SUNY Oswego student-run broadcasting organizations hauled in four national awards at the College Broadcasters Inc. competition recently, including a first-place honor for WNYO FM 89 radio and three overall awards for WTOP-TV10.

At the ceremony Nov. 2 in St. Louis, WNYO earned top honors for the Best Sports Play-by-Play category for its away men’s hockey broadcast at Plattsburgh. Meanwhile, WTOP earned both second and third in the Best Live Sports Broadcast category with its Whiteout Weekend men’s hockey broadcast of Oswego vs. Plattsburgh, and an NCAA men’s basketball tournament game of Oswego vs. Baldwin-Wallace. WTOP also placed third in the Best Station Imaging category, for overall promotional and branding work.

“We are incredibly happy about our results at CBI,” WNYO General Manager Carl Neff said. “Not only did we have great guys calling the game, Dan Kuter and Cole Parzych, but also a great team behind the scenes making sure those guys sounded as good as they did. I think this award not only reflects all the hard work the sports team put into each broadcast they did last year, but it is inspiring everyone at our station to produce the best content we can as well.”

Neff credits Parzych, who was sports director for WNYO before graduating in May, for going through broadcasts to find the right one. Being an away contest of great interest due to the Oswego-Plattsburgh rivalry, as well as the pitched atmosphere that it brings, really made it a prime selection, Neff noted.

“In terms of competition, everyone that attended the convention were from schools with strong, aspiring broadcasting teams,” Neff explained, as WNYO’s coverage of a Division III program was up against Division I and II schools. “As the general manager, this makes me very proud of what our sports team can do, as well as excited to see what is to come.”

The interactions of the college’s media organizations makes any success even sweeter, he said.

“The best support we get is from all the other media organizations,” Neff said. “When we heard that WTOP got nominated, both WNYO and the Oswegonian were quick to congratulate them and celebrate their success. When we got nominated shortly after, we received the same welcoming support and it felt amazing. All three media organizations working hand-in-hand resembles our pride as Oswego students and our collaboration with each other that increases every single day.”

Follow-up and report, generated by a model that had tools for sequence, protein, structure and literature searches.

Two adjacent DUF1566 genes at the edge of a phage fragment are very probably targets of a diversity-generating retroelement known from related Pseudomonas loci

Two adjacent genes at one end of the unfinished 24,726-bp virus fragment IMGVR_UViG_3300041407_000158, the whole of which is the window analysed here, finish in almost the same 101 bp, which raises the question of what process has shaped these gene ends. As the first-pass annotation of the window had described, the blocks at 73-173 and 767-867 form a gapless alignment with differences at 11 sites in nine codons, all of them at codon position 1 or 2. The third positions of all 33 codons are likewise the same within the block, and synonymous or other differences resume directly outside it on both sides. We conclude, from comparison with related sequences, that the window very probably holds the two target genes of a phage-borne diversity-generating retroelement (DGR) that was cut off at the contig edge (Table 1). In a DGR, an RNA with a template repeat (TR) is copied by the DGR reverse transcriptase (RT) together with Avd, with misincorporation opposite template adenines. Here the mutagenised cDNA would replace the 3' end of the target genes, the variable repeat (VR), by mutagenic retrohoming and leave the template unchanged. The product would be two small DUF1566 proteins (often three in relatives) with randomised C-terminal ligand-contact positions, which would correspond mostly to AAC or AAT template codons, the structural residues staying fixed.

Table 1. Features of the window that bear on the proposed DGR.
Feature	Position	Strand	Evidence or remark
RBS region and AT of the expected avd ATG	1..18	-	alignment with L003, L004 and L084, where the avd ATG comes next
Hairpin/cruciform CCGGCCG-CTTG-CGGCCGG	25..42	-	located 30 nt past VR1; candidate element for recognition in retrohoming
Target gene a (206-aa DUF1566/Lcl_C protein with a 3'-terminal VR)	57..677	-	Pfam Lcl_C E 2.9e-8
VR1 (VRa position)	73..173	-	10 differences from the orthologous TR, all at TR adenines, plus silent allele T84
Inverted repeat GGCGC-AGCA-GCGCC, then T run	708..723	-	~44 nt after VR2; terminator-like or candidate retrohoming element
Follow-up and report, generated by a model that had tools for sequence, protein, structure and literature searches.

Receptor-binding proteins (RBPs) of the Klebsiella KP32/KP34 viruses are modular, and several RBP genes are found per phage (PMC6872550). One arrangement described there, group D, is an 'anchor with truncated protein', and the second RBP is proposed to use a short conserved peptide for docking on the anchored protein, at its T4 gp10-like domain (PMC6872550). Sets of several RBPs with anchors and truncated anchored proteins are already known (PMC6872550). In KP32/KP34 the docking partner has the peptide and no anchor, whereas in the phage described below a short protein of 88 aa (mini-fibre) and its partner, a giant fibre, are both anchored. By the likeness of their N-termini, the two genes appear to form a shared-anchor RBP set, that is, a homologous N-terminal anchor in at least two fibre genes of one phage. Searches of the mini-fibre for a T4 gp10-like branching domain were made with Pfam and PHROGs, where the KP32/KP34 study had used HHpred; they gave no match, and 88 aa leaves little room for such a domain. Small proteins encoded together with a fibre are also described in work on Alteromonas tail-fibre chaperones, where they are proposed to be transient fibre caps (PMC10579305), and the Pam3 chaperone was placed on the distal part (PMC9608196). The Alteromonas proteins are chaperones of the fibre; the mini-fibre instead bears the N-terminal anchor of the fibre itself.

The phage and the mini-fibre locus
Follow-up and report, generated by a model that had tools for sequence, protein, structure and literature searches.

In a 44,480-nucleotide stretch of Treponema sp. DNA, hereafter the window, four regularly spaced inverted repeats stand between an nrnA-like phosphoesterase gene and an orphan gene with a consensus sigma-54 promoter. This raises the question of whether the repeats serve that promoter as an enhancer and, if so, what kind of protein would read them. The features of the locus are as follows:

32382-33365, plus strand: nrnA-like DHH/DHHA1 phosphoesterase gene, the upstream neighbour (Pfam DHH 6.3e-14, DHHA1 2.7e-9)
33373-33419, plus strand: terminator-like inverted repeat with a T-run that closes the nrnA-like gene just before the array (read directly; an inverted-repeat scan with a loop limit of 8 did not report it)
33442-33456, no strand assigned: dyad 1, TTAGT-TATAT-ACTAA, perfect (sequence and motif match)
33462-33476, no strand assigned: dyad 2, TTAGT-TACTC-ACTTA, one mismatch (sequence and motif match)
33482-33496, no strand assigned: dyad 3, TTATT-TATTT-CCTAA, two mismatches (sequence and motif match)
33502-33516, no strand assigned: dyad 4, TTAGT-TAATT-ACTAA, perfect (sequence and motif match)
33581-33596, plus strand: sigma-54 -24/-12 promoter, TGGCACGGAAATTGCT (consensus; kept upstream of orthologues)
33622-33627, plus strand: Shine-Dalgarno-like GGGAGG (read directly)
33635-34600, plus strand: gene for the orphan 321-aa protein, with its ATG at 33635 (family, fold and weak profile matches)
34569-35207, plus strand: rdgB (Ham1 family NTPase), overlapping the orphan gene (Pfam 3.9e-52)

Triple play

WTOP’s three awards continues its success with live sports, as well as other aspects of its operations, said Brittany Cairns, the station’s sports director. 

Alumni know WTOP best for their sports broadcasts, but with this award and previous national recognition for a promo by 2018 graduate Griffin Bruce “show we’re not just good at sports but also good at other things,” Cairns said. “If you throw something at us, we can do it.”

She shared excitement about WNYO’s award and stressed teamwork and work ethic as two factors behind WTOP’s awards.

“We have people coming together to work long hours, and ultimately when you see everything come together, it’s really cool,” the senior broadcasting major said. “I think a lot of it also has to do with production value.”

Planning starts more than two weeks out for the Whiteout game, which had about 25 students on the crew, but the NCAA basketall game — since they did not know for sure if the school would host — was more of a scramble that benefited from teamwork and adaptability. WTOP had overhauled the way they broadcast basketball games, learning to incorporate a full studio production with a large graphics package just like for hockey games.

“It was probably only our third or fourth basketball broadcast in that format, so it was incredible to see that kind of recognition, that kind of validation,” Cairns said.

“In the live sports category, we had two of the four nominations,” Cairns said, and competition included large Division I schools. “It says a lot about our opportunities here. We’re student-run. We have opportunities other students never see in their four years. We get to broadcast every live sport.”

Cairns said she learned some of their competition had faculty members serving as general managers and taking more hands-on roles, but she thinks Oswego’s stations being so student-run gives them an advantage.

“I think we put on live broadcasts that compete with Syracuse and Arizona State and Temple,” Cairns said. “And as a freshman here you can touch a camera, while some other schools won’t let you do anything until your junior or senior year. I think that’s why we get such validation, because people keep getting more experience. Seniors graduate but other people have experience so they just step right in.”